Have you ever had a chance to save someone from an embarrassing situation? It doesn't have to be a big one. More than once I've seen women leaving the ladies room with toilet paper trailing their fancy shoes. It's easy; walk up to them, step on the trailing end and they are free.
I have the same uneasy feeling watching Mitt Romney campaign for president. I'm embarrassed for him. I get squenchy and want to look away when he speaks. I want to step on something and free him of his awkwardness.
Since he's been running for office longer than it took the smart kids to get through high school, there's not much shiny left on him. A recent ABC news article documented that people on both sides of the political aisle have zero interest in reading anything about Mitt Romney. He's a buzz kill.
I've been thinking a lot about this. I'm pretty sure Mitt makes most people uncomfortable. He's just not that into us. By "us" I mean everyone but maybe 48 people.
There are those who say his lack of luster is rooted in some deep-seated envy of his wealth. That's insane. We make celebrities of the wealthy in this country. We watch TV shows about them and read about their latest shoe purchases. Americans believe that, at any moment, they may be raptured up into the strata of the affluent, and don't resent them. I know people with more money than Romney who are as cool as cucumbers and lack his awkward nature when it comes to dealing with ordinary, middle-class Americans.
The disconnect is startling, and I think it's more on Mr. Romney's end. Born gumming a silver spoon, he's never gone without. Everyone should be so lucky. Almost no one is.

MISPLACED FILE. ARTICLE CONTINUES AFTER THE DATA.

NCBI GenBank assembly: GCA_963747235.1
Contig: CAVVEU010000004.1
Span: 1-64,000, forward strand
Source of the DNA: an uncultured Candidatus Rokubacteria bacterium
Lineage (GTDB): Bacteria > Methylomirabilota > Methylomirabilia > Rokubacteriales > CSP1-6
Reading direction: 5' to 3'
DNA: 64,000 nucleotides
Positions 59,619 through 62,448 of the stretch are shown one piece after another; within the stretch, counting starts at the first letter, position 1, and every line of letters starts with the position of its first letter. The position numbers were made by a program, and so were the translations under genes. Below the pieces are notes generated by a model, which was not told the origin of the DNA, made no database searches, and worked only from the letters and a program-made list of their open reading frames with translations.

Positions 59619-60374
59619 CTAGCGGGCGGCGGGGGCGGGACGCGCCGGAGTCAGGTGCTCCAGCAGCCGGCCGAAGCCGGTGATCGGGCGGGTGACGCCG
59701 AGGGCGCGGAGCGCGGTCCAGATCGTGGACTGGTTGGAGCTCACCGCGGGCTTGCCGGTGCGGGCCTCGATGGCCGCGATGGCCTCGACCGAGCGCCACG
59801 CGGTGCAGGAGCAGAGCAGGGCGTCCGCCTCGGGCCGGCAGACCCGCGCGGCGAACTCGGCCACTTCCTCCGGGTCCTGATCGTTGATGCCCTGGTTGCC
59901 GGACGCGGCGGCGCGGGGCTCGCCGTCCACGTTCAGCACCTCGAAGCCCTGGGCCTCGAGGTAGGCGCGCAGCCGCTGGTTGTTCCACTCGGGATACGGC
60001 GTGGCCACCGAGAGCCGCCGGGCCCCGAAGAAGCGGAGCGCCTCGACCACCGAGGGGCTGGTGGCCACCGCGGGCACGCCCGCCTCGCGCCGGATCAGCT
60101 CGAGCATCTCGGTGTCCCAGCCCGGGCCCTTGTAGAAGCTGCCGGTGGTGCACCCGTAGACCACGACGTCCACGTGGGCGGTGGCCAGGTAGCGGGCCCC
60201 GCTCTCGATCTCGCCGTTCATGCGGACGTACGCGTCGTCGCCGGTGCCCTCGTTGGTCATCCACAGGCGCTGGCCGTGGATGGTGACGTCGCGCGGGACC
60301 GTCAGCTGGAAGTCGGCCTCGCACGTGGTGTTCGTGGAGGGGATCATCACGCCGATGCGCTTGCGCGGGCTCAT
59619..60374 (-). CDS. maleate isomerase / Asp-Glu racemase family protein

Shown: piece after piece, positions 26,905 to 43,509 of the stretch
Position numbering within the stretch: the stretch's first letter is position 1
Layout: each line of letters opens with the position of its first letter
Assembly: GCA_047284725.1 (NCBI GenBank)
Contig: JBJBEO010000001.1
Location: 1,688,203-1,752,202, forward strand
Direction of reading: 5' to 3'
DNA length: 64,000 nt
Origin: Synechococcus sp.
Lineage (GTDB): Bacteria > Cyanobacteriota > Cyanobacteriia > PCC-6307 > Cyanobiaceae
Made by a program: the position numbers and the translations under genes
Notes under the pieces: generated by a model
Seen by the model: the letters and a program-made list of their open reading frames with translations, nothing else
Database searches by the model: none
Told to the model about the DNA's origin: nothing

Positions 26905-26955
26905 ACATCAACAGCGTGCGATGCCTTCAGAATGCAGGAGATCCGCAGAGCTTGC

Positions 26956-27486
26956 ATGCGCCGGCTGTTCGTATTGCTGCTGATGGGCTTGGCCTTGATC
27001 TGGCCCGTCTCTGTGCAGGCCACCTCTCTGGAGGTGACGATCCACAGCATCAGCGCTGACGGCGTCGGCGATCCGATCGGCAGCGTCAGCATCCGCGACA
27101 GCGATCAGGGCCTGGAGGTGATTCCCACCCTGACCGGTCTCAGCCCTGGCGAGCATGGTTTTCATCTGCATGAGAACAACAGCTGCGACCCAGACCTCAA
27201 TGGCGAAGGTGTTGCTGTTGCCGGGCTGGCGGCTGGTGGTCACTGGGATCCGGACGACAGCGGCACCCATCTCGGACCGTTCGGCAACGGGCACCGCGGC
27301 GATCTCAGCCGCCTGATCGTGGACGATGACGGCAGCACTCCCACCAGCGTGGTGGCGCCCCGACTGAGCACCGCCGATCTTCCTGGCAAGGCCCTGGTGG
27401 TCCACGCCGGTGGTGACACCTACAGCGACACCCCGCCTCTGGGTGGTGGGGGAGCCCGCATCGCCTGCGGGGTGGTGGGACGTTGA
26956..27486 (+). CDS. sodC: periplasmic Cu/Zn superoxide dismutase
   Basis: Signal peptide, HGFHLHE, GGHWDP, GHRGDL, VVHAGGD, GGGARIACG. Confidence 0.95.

As a result, Romney can't connect with middle-class Americans despite his best efforts. The harder he tries, the more painful it is to watch.
Parents get a $1,000 tax deduction for their child. Mr. and Mrs. Romney tried to take a $77,000 deduction for their horse. The annual housing for their mare was almost twice what the average American family spends on a place to live.
I'm not saying fancy horses are immoral or that he shouldn't enjoy his wealth. He just doesn't seem to understand that many hard-working, moral Americans struggle every day to make sure they have the basics; food on the table and a roof over their head.
Betting another candidate $10,000 during a televised debate was weird on many levels. His church, like most, condemns gambling. People don't make $10,000 bets; that's a down payment on a home, or a day and a half in the hospital.
Casino magnate Sheldon Adelson contributed $10 million to Romney's election war chest.
"Corporations are people, my friend." No, Mr. Romney, they are not. Corporations don't cry, give birth or buy yogurt to help with constipation. Until the state of Texas puts a corporation to death, I'm not buying it.
With such fantastic hair and a good-looking family, I want to believe there's more to Mitt than just being born into money. Several weeks ago there was a dustup when Mitt said his wife was his adviser when it came to women's issues.
Anne Romney gave an interview to the Boston Globe in 1994. She talked about the young couple's initial trials and tribulations. They spent their early marriage living off Mitt's sales of stock. They had their third child about the time Mitt got his first paycheck. She went on about how hard they struggled ... living off what in today's dollars would be $377,000. How did they survive?
It's great if your parents can afford to put you through school. But for the love of God, don't tell people it was a struggle. Americans shoulder more debt for student loans than we owe in car loans or credit cards. Why? Because most of us can't live off our stock portfolios during our college years.
"Which Cadillac should I drive today?" or "Which home should we stay in this weekend?" aren't questions most of us will ever ask ourselves.
Before you go off all crazy and accuse me of supporting that black socialist who wants people to have health care, shelter and food on the table, unless you mean Jesus, I don't know who you're talking about.
Shannyn Moore can be heard weekdays from 6 to 9 p.m. on KOAN 1020 AM and 95.5 FM radio. Her weekly TV show can be seen Saturdays and Sundays at 3 p.m. statewide on ABC affiliate KYUR Anchorage, KATN Fairbanks and KJUD Juneau.